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Cowboy necessities

July 15, 2012
Sue Eckhoff - Grundy County Heritage Museum , Reinbeck Courier

Two essentials for an American western cowboy were his paycheck and his rope. A trail boss in the old west could earn up to $125 a month on average. An old west cowboy drew $25-40 a month.

The rope was a critical piece of equipment for any cowboy and could be made from the Mexican maguey plant sisal (a form of the agave plant), rawhide, or Russian hemp.

Cowboys travelled light and stored what little they had in a war bag. Inside was usually everything he owned, an extra set of clothes, extra ammunition, spare parts for equipment, playing cards, bill of sale for his horse and possibly a harmonica.

Chaps, or cowboy leggings were intended to protect the legs of cowboys from daily hazards experienced in working cattle, horses, and other livestock. They also protected rider's legs from injury when riding through bushy terrain.

The cowboy kerchief, or bandana, was one thing a cowboy could not be without. The bandana had many uses, most notably as a dust mask while driving cattle kicking up dirt.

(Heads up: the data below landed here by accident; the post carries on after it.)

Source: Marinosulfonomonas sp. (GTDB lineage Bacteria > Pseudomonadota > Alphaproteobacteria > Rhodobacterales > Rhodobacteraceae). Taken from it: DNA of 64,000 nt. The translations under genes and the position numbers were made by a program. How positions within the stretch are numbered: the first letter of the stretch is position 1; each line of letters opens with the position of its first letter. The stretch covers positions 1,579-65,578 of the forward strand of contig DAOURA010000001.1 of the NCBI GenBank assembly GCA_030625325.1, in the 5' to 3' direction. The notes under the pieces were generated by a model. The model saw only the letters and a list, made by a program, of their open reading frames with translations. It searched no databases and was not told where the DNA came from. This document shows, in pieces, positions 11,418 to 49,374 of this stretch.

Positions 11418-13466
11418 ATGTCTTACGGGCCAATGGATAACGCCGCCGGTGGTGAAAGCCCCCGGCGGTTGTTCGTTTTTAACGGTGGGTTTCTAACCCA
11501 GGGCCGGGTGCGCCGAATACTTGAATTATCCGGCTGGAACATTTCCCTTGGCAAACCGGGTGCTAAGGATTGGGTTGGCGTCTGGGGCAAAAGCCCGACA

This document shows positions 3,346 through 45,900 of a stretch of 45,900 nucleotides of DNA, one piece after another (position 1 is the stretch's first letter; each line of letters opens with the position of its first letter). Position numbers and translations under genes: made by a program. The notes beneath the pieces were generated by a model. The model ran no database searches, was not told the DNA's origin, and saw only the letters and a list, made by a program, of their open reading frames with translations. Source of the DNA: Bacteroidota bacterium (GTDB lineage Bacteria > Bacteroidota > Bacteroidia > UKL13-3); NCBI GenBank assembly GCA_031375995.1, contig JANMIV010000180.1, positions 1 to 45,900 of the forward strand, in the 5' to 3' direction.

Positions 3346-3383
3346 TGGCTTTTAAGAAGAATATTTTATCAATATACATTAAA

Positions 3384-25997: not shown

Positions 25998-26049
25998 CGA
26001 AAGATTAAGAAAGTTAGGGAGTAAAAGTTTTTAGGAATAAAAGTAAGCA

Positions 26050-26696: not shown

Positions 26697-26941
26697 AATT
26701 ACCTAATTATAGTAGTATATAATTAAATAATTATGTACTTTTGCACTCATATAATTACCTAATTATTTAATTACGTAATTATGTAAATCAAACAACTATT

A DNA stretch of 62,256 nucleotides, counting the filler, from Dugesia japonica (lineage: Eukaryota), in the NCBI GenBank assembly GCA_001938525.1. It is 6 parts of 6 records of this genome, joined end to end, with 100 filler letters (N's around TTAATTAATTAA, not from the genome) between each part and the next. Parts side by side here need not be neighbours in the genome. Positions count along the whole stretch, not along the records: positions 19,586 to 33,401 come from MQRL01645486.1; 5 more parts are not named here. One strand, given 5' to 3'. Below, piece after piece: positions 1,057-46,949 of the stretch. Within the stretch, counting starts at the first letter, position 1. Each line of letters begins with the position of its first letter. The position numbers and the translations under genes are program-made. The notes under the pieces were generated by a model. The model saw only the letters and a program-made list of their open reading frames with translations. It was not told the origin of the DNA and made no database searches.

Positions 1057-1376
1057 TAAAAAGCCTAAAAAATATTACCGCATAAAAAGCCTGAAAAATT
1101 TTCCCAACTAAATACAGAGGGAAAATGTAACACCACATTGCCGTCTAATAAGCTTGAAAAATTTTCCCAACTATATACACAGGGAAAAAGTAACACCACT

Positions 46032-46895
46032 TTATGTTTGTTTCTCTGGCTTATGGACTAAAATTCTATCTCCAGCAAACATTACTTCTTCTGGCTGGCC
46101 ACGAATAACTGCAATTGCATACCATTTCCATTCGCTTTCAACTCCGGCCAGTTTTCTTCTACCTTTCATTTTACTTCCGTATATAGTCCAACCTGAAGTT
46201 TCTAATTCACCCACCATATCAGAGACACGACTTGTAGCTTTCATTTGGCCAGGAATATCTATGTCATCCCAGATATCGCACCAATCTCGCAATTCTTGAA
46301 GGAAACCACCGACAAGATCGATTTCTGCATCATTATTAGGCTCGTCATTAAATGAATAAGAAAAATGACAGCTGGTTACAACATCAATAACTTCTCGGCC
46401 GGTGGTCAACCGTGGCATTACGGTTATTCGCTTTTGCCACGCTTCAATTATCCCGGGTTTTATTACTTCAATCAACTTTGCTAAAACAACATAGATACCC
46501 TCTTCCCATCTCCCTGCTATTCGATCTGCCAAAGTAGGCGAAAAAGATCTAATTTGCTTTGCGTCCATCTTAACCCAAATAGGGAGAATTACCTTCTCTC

It could also be used as earmuffs in cold weather, as protection from sunburn on the neck, as a pot holder for hot pots, or branding irons, as prevention against snow blindness in winter, as a tourniquet or sling, or a nifty mask if you were planning a robbery! Red was the color of choice. It could be made of cotton, linen, or silk. Generally folded into a triangle, it was tied around the neck, but the knot was in the back.

Part of a cowboy's job during a cattle drive was to identify the Judas steer. Once at the end of the trail drive, the Judas steer could simply lead the other cattle to slaughter with no hassle. If a particularly good Judas was found, he was spared the meat hook and used again.

When not on the trail, western cowboys lived together in the communal bunkhouse on ranches. The standard bunkhouse was a barracks style building with a large open room with narrow beds for each individual. It offered little privacy. It was usually heated by a wood stove and personal needs were attended to in an outhouse.

Modern bunkhouses still exist, mostly on large ranches that are too far from town for a daily commute. They're now equipped with electricity, central heat and indoor plumbing!



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